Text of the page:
Academic Emergency Medicine 05/2011; 18(5):496-503. · 2.20 Impact Factor
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    ABSTRACT: The study aimed to determine if emergency department (ED)-administered antibiotics for patients discharged home with nonpneumonia acute respiratory tract infections (ARIs) have increased since national pneumonia performance measure implementation, including antibiotic administration within 4 hours of arrival. Design: Time series analysis. Setting: Six university and 7 Veterans Administration EDs participating in the Improving Antibiotic Use for Acute Care Treatment (IMPAACT) trial (randomized educational intervention to reduce antibiotics for bronchitis). Participants: Randomly selected adult (age >18 years) ED visits for acute cough, diagnosed with nonpneumonia ARIs, discharged home during winters (November-February) of 2003 to 2007. Main outcome: Time trend in ED-administered antibiotics, adjusted for patient demographics, comorbidities, vital signs, ED length of stay, IMPAACT intervention status, geographic region, Veterans Administration/university setting, and site and provider level clustering. Six thousand four hundred seventy-six met study criteria. Three hundred ninety-four (6.1%) received ED-administered antibiotics. Emergency department-administered antibiotics did not increase across the study period among all IMPAACT sites (odds ratio [OR], 0.88; 95% confidence interval [CI], 0.76-1.01) after adjusting for age, congestive heart failure history, temperature higher than 100 degrees F, heart rate more than 100, blood cultures obtained, diagnoses, and ED length of stay. The ED-administered antibiotic rate decreased at IMPAACT intervention (OR, 0.80; 95% CI, 0.69-0.93) but not nonintervention sites (OR, 1.04; 95% CI, 0.91-1.19). Adjusted proportions receiving ED-administered antibiotics were 6.1% (95% CI, 2.7%-13.2%) for 2003 to 2004; 4.8% (95% CI, 2.2%-10.0%) for 2004 to 2005; 4.6% (95% CI, 2.7%-7.8%) for 2005 to 2006; and 4.2% (95% CI, 2.2%-8.0%) for 2006 to 2007. Emergency department-administered antibiotics did not increase for patients with acute cough discharged home with nonpneumonia ARIs since pneumonia antibiotic timing performance measure implementation in these academic EDs.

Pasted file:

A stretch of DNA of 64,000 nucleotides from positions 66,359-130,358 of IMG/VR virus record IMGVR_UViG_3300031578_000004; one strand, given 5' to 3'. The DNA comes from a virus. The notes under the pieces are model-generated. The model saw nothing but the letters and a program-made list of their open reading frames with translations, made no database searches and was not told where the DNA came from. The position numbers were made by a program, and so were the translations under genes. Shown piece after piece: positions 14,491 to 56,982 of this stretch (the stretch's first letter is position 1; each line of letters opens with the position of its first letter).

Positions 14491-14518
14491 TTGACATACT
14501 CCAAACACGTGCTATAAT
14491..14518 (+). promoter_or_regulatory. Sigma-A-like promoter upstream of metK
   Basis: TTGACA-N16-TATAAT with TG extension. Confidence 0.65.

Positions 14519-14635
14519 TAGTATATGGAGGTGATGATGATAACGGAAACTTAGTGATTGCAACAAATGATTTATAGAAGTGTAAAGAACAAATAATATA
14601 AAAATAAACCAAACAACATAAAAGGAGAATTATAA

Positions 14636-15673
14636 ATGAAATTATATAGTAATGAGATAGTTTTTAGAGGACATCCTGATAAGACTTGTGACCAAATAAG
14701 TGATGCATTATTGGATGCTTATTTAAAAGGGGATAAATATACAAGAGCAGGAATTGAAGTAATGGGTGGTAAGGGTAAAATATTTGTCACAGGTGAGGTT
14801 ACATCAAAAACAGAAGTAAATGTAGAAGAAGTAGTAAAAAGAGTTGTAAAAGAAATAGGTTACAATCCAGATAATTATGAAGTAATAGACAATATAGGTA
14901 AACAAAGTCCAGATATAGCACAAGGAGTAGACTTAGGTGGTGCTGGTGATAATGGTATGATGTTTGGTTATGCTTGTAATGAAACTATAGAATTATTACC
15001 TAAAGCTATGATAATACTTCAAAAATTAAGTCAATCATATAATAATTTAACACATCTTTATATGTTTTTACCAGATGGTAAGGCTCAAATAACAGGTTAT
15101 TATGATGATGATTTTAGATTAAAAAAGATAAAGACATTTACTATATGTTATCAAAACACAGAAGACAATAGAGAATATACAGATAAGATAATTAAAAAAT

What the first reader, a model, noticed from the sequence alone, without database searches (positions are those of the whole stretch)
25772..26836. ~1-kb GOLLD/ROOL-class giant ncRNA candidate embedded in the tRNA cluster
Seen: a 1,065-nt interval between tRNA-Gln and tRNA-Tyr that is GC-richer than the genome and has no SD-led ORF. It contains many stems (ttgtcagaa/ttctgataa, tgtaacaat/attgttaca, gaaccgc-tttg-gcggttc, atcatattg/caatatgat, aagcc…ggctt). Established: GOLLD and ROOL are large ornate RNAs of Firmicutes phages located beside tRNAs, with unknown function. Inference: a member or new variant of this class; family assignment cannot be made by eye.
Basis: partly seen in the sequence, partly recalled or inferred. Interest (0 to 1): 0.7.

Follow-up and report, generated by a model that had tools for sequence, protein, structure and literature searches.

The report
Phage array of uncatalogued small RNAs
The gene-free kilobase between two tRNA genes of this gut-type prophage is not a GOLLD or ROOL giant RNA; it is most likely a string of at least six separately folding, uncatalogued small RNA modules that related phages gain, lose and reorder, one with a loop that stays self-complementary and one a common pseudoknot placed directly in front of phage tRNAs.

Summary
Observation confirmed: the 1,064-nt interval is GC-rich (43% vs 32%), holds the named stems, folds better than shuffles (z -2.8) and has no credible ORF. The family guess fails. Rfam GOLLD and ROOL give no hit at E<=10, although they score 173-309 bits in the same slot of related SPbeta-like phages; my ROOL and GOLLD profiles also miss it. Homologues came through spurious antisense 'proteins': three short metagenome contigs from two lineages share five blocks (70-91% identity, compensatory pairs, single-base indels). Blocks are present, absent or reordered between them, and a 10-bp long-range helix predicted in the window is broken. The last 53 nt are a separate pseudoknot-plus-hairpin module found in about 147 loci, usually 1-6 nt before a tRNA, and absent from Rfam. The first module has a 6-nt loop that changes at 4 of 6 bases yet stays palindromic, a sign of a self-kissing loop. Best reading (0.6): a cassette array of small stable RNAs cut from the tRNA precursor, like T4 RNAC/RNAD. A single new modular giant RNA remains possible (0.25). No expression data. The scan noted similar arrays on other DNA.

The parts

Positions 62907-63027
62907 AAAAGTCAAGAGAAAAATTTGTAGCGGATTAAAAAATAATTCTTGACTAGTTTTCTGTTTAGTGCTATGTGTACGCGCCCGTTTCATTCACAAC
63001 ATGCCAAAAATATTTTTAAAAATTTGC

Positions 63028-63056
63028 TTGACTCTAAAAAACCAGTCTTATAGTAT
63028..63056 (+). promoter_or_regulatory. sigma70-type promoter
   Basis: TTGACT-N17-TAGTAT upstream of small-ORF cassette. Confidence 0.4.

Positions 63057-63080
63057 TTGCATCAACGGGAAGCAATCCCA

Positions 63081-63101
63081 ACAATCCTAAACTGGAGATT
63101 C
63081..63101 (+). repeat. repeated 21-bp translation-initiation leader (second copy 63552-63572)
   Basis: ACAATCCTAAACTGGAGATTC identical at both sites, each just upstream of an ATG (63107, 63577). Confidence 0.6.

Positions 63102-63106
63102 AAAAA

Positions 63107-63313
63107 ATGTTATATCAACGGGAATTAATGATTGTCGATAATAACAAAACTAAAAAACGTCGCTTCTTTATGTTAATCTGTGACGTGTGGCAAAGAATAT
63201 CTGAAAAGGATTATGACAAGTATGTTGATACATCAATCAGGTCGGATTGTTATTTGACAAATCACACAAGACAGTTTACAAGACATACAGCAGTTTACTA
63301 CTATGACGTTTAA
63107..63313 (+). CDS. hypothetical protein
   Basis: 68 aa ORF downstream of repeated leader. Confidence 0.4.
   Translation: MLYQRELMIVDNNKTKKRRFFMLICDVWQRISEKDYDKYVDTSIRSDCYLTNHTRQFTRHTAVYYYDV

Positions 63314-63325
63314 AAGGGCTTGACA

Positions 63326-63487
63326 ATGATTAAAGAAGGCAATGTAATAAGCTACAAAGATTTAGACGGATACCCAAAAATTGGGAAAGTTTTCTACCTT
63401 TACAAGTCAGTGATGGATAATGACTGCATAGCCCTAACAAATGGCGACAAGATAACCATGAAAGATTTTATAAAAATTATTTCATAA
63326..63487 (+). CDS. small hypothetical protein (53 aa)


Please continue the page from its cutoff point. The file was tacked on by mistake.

The American journal of emergency medicine 01/2010; 28(1):23-31. · 1.15 Impact Factor